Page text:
• Consider an analogy of a ship in a regatta to help explain the purpose of an IS organization and how it functions.
  • For both the IS organization and the ship, the key is to perform more capably than any competitors.
  • This means employing the right resources to propel the enterprise through the rough waters of business.

The CIO (Chief Information Officer) is at the helm of the IS organization.

CIO’s primary goal is to manage IT resources to implement enterprise strategy.

Provide technology vision and leadership for developing and implementing IT initiatives to help the enterprise maintain a competitive advantage.

As the importance of technology has increased so has the position of the CIO.

Reports directly to the CEO.

Must work effectively with ALL units of the company, not just IS.

chief information officer cio
Chief Information Officer (CIO)
  • Gartner group’s definition of the CIO’s role:

“To provide technology vision and leadership for developing and implementing IT initiatives that create and maintain leadership for the enterprise in a constantly changing and intensely competitive marketplace.”

twelve main responsibilities
Twelve Main Responsibilities
  • The following responsibilities often define the role of the CIO:
    • Championing the organization.
    • Architecture management.
    • Business strategy consultant.
    • Business technology planning.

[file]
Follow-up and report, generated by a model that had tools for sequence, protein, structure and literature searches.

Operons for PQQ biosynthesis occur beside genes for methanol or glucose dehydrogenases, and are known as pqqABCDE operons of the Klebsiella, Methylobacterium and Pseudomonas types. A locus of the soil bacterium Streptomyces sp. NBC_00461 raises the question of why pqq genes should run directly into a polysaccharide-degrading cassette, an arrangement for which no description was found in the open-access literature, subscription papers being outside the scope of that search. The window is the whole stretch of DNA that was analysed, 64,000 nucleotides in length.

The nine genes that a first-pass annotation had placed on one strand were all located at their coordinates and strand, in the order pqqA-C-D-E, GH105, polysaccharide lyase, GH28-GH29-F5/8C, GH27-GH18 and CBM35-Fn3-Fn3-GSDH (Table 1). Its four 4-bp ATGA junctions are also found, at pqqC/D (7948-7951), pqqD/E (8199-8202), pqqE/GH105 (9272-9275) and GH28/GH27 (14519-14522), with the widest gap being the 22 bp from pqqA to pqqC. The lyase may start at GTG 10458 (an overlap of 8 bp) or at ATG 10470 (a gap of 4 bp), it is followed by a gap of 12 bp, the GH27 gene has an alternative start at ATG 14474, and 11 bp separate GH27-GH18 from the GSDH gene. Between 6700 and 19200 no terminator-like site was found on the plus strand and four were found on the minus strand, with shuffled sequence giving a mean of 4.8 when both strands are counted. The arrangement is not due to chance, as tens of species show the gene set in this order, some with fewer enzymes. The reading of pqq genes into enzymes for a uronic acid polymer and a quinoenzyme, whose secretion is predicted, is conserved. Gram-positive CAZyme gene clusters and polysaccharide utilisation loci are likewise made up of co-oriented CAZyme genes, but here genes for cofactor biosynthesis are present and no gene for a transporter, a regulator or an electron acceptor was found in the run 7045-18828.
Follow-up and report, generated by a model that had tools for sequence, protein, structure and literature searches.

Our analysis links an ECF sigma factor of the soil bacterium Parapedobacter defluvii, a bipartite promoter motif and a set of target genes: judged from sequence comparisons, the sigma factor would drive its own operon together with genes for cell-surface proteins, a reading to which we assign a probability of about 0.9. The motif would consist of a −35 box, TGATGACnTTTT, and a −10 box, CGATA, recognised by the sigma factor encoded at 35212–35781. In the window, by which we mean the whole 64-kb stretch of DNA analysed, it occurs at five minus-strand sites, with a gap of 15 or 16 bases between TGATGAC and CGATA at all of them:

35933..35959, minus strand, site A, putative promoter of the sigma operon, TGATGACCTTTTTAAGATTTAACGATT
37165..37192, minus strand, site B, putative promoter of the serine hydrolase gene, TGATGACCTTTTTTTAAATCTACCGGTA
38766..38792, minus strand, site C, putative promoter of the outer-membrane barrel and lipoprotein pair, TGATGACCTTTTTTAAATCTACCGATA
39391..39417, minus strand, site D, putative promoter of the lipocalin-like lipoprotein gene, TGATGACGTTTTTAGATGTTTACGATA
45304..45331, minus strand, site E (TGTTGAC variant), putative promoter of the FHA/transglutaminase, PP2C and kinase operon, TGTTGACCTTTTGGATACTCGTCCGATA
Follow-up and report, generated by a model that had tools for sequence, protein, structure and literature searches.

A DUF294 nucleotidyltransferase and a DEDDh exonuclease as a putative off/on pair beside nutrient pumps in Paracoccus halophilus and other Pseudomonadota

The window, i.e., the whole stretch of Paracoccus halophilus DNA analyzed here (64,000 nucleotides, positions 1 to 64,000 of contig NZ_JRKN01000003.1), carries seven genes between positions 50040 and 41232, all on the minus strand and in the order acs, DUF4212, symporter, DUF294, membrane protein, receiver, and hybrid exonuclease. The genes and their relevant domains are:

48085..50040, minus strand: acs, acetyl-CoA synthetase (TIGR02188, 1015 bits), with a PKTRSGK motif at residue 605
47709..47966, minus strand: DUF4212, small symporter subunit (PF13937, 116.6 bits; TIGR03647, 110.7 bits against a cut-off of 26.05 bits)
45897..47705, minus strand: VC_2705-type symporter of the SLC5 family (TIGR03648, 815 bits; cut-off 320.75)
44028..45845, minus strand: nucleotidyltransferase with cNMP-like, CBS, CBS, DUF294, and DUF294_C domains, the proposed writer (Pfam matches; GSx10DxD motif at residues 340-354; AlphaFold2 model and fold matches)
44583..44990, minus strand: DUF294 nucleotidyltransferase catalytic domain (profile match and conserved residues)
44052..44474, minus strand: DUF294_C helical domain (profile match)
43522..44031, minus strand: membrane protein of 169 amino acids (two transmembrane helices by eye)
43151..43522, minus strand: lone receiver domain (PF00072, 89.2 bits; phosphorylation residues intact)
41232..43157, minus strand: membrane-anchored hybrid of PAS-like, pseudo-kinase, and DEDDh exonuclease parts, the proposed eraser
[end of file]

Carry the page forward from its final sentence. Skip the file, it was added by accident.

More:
• Application development.
    • IT infrastructure management.
    • Sourcing.
    • Partnership developer.
    • Technology transfer agent.
    • Customer satisfaction management.
    • Training.
    • Business discontinuity/disaster recovery planning.
  • Must have both technical and business skills.
  • Must see the business vision and how IT can help facilitate that vision.
  • Is both a strategist and operations manager.
  • Some organizations do not have a CIO.
    • They hire someone to “run” their computer systems and do not give them much decision making authority.
nine essential cio skills
Nine Essential CIO Skills:
  • Strong business orientation
  • Ability to realize benefits & manage costs and risks associated with IT
  • Ability to bridge gaps between available technologies and business needs
  • Familiarity with client’s needs
  • Strong organizational skills
  • Ability to conceive and build multiple IT projects
  • Ability to articulate and advocate for a mgmt IT vision
  • Ability to mesh with existing mgmt structure
  • Strategic enterprise vision extending beyond IT
related job titles
Related Job Titles
  • CKO: Chief Knowledge Officer
  • CTO: Chief Technology Officer
  • CTO: Chief Telecommunications Officer
  • CNO: Chief Network Officer
  • CRO: Chief Resource Officer
  • CPO: Chief Privacy Officier
  • Divisional CIOs/Corporate CIO
  • … (Figure 9-1)
  • CCO: Chief ? Officer
cto cpo and other roles
CTO, CPO, and Other Roles

The CIO, particularly in larger organizations, cannot guide the enterprise toward the future alone.

Other strategic areas require more focused guidance.

The CTO is a critical role.

Works alongside the CIO.

Needs business savvy and communication skills.

Must be able to create an organizational vision.

New positions created to deal with this growing need.

Figure 8.1 shows a list of other IT managers and their responsibilities.

eight core activities
Eight Core Activities

1. Anticipating new technologies.

IT must keep an eye on emerging technologies.

Work closely with management on decisions.

Weigh risks and benefits of new technologies.

2. Participating in setting strategic direction.

IS can act as consultants to management.